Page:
Although the core of the changes in these countries was the liberalization of the economy coupled with the emergence of new forms of property, it is clear that the processes of privatization have been problematic. Nepotism, bribery, the lack of job guarantees for workers, violations of environmental rules, among other ills, have been common factors in the transformation processes of these countries.

At the starting point for the economic changes in these nations, collective and state property took priority. In the case of Vietnam, after reunification in 1976, the government gave itself the task of eliminating all forms of private property, an approach it corrected after facing a profound crisis. One of the first steps in the later economic reforms was to break the state monopoly on property. This occurred in 1986 when restaurants and shops were allowed to open. As early as 1995, in the admission document to the World Trade Organization, we can read:

“State-owned, collective, private individual, private capitalist, state capitalist and foreign investment property are all equal before the law. All businesses operating legally in the territory of Vietnams and/or under its laws are recognized and protected under its laws, including protection against nationalizations.” [5]

In the case of China, the privatizations began in 1979 when the collective communes were replaced by family farms.[6] Local businesses also appeared, managed by the component governments themselves. Within the latter there were different categories:

1) Private but registered as collectives, popularly called “using the red cap.”

2) Those which were authorized but had to pay a bonus to the authorities at the end of each year.

3) Those over which the authorities exercised fierce control.

The use of soft credits on the part of state-owned enterprises has been one of the common problems of the Asian giant. It’s been said that in socialism with Chinese “characteristics,” the “characteristics” have worked but not the socialism.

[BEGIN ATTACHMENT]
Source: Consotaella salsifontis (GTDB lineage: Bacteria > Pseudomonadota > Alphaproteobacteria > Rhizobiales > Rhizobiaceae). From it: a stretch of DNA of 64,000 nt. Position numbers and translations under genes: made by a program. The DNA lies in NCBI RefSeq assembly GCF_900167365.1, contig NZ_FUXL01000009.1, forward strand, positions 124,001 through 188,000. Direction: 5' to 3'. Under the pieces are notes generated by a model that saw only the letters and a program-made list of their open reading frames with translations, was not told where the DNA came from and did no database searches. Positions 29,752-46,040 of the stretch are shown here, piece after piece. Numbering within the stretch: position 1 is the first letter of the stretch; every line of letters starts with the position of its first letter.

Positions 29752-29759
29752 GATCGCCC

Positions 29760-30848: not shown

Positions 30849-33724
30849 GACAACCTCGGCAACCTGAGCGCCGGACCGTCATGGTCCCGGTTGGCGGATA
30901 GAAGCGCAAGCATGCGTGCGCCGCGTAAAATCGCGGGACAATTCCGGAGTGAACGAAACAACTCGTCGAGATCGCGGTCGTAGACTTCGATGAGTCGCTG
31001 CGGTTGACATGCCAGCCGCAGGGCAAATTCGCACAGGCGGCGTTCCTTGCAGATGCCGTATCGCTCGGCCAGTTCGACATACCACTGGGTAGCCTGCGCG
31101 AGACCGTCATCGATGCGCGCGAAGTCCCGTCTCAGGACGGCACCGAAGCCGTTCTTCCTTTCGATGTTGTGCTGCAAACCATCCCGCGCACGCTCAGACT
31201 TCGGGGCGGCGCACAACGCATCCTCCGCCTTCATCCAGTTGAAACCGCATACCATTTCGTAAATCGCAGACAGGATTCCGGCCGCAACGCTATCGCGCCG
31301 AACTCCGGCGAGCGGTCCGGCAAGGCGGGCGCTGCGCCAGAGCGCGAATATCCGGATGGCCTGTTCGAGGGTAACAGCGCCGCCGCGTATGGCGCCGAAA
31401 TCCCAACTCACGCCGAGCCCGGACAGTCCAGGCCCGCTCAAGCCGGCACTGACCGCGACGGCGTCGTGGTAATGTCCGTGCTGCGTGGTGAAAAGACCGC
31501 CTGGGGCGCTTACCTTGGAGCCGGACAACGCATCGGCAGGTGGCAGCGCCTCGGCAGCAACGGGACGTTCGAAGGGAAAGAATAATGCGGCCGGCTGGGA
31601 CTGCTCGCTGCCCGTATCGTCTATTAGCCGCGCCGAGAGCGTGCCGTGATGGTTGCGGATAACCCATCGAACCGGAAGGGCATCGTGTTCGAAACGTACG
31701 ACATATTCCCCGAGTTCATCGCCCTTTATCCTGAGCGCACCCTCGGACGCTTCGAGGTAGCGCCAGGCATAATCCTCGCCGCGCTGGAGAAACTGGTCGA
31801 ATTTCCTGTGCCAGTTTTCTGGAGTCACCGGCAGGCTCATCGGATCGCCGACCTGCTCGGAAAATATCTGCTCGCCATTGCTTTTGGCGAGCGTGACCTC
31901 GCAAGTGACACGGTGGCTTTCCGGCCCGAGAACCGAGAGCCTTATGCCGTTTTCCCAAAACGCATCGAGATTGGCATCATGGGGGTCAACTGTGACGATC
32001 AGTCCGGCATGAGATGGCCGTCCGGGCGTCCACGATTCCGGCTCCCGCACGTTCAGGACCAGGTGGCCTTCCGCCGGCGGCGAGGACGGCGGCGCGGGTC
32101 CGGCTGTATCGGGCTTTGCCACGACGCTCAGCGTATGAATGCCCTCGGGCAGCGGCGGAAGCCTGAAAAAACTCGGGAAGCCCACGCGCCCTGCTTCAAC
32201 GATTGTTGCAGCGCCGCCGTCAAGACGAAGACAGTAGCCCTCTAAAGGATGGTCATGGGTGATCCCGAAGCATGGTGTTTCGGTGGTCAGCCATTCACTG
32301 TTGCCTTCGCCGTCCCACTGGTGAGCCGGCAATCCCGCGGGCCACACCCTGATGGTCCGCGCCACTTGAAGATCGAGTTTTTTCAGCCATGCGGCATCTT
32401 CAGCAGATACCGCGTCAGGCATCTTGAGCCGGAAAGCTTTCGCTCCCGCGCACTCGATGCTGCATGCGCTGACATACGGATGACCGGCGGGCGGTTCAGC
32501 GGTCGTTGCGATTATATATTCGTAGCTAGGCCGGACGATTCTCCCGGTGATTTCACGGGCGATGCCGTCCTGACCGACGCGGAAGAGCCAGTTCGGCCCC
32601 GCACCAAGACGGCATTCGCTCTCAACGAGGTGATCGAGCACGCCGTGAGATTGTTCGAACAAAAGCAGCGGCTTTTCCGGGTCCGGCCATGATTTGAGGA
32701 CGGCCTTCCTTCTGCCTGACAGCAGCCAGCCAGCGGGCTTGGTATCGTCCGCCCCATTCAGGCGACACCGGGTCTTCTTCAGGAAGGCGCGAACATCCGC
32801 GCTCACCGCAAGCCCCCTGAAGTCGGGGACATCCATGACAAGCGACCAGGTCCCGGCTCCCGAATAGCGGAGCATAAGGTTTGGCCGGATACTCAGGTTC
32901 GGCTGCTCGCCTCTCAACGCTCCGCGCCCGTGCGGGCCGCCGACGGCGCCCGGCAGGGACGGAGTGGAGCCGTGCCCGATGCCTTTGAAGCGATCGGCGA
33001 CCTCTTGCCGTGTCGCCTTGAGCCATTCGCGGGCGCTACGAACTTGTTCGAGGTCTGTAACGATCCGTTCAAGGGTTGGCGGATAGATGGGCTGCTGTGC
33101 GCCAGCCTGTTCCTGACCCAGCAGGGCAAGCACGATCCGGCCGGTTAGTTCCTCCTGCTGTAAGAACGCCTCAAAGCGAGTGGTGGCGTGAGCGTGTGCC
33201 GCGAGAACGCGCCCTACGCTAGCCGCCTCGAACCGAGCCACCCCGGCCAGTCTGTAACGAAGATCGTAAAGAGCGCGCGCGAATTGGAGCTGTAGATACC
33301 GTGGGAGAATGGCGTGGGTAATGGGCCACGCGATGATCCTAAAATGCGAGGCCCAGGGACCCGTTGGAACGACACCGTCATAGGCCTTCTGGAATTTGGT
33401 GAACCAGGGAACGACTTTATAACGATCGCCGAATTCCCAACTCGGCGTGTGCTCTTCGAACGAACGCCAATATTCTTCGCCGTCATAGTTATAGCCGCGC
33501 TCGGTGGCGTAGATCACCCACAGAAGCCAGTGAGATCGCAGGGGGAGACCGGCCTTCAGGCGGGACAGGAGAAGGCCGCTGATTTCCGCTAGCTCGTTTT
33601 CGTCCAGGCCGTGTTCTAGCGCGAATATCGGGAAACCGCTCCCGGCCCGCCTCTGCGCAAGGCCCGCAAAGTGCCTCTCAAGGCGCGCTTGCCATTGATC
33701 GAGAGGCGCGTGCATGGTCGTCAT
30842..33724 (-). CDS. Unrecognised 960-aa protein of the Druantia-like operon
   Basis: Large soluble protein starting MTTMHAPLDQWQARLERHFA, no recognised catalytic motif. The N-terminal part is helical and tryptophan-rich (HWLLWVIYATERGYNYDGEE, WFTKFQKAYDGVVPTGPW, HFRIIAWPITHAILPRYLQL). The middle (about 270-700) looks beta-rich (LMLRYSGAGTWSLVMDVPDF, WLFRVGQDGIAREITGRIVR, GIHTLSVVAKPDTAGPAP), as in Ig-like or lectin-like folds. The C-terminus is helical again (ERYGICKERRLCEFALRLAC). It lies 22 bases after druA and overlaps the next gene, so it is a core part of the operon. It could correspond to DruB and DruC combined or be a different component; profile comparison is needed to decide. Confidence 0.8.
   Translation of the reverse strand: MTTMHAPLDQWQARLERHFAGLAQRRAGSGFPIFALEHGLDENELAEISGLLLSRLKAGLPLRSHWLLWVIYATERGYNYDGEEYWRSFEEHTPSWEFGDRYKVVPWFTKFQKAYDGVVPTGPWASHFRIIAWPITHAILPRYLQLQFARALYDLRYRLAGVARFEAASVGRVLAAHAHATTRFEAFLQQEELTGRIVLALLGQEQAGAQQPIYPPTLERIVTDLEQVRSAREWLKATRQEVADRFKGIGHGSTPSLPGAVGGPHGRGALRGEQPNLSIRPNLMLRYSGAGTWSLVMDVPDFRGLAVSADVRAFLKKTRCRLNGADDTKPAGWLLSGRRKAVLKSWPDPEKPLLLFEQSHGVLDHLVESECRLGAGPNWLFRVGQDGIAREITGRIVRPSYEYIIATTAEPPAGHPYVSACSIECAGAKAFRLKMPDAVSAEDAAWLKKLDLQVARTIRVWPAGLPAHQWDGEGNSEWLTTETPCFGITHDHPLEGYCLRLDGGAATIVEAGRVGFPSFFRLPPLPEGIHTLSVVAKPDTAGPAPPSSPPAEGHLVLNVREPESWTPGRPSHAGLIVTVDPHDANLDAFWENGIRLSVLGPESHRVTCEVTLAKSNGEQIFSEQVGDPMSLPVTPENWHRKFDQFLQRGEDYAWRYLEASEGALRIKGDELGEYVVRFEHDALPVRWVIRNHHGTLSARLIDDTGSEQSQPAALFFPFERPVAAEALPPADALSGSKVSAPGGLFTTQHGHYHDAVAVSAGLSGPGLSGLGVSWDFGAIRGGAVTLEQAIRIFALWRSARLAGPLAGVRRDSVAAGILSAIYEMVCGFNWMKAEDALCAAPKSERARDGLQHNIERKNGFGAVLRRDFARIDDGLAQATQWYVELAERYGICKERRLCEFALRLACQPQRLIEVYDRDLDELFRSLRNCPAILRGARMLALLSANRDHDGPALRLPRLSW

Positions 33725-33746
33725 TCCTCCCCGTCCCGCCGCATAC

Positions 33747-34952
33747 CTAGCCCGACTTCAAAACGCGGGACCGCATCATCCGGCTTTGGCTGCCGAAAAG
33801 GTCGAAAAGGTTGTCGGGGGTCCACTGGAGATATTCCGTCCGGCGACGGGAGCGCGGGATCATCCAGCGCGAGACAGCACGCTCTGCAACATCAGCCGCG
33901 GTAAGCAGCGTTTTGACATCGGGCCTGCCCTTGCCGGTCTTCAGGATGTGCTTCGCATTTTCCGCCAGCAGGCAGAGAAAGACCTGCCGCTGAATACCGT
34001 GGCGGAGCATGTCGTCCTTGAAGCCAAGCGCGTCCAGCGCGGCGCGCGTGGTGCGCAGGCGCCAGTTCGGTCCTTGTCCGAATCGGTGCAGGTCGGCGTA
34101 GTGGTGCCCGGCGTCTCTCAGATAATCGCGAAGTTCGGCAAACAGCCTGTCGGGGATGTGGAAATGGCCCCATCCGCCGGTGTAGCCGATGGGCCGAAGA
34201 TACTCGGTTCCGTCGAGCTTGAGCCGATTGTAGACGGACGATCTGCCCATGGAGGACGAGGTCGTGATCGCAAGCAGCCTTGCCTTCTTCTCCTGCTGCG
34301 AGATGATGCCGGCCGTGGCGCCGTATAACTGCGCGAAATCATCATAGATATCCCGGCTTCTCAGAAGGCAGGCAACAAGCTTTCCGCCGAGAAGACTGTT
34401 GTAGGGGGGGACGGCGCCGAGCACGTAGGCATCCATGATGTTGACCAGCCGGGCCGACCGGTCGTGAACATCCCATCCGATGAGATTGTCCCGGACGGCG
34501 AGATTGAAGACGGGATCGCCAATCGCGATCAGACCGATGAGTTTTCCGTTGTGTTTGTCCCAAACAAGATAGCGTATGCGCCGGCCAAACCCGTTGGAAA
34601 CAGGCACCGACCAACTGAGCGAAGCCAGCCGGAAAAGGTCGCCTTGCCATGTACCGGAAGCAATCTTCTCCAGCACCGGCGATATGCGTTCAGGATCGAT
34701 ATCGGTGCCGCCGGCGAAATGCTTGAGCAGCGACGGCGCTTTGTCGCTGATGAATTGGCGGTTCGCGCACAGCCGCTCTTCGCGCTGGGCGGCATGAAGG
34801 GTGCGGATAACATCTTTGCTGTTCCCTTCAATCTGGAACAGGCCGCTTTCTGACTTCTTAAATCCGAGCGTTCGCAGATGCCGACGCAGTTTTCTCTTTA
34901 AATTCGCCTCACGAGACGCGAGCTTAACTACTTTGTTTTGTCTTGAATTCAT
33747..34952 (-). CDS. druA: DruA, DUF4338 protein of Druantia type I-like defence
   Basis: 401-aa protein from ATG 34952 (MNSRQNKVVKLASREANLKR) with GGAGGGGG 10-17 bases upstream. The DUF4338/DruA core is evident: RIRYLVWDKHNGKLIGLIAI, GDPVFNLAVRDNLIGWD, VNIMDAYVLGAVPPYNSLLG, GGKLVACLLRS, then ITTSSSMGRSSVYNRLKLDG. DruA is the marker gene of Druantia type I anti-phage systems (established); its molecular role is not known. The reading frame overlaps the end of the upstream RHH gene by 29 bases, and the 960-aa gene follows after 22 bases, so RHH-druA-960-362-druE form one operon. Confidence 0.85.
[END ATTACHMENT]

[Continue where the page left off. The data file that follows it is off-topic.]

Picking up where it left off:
The case of the former Soviet Union and its controversial process of privatization also offers us an instructive example.[6] As it began the transformations toward a free market, one of the primary problems was the almost complete absence of a definition of property rights. As a consequence, there were no clear rules on the use of property and businesses, resulting in high levels of corruption. In other cases, disputes between various actors trying to make use of the same property resulted in no one’s being able to take advantage of it, and left the involved companies directionless.

At the moment of privatizations there were various protagonists involved in the process:

1) Workers
2) Managers
3) Ministries
4) Local Governments
5) Central Government

However the managers and bureaucrats within the ministries exercised a strong influence through the strategic management of the companies and were able to count on networks of connections that allowed them to take control over production and marketing.

As the process of decentralization advanced the ministries could no longer dictate the policies the companies must follow. The planned economy, the fulfillment of the plans and the assignment of resources collapsed, while the sale of products in the free market was gaining ground. The managers gained autonomy and control over what they produced, and at what prices and to whom to sell their products, the latter based principally on their personal relationships.

On the other hand, the ministries tried to maintain control over imports and exports through the issuing of licenses. This new economic design was in the hands of the Party nomenklatura, military elites, and the new oligarchs who competed for power with the old elites.

The State tried to maintain control of the most profitable sectors, only accepting privatization when it believed it would exercise control over the companies. Local governments gained power in the management of their pieces of land, exercising control over vital public services such as water and electricity, among others, which they used to exert a strong influence over firms and they began to demand their share, reaping huge benefits from the process of privatization.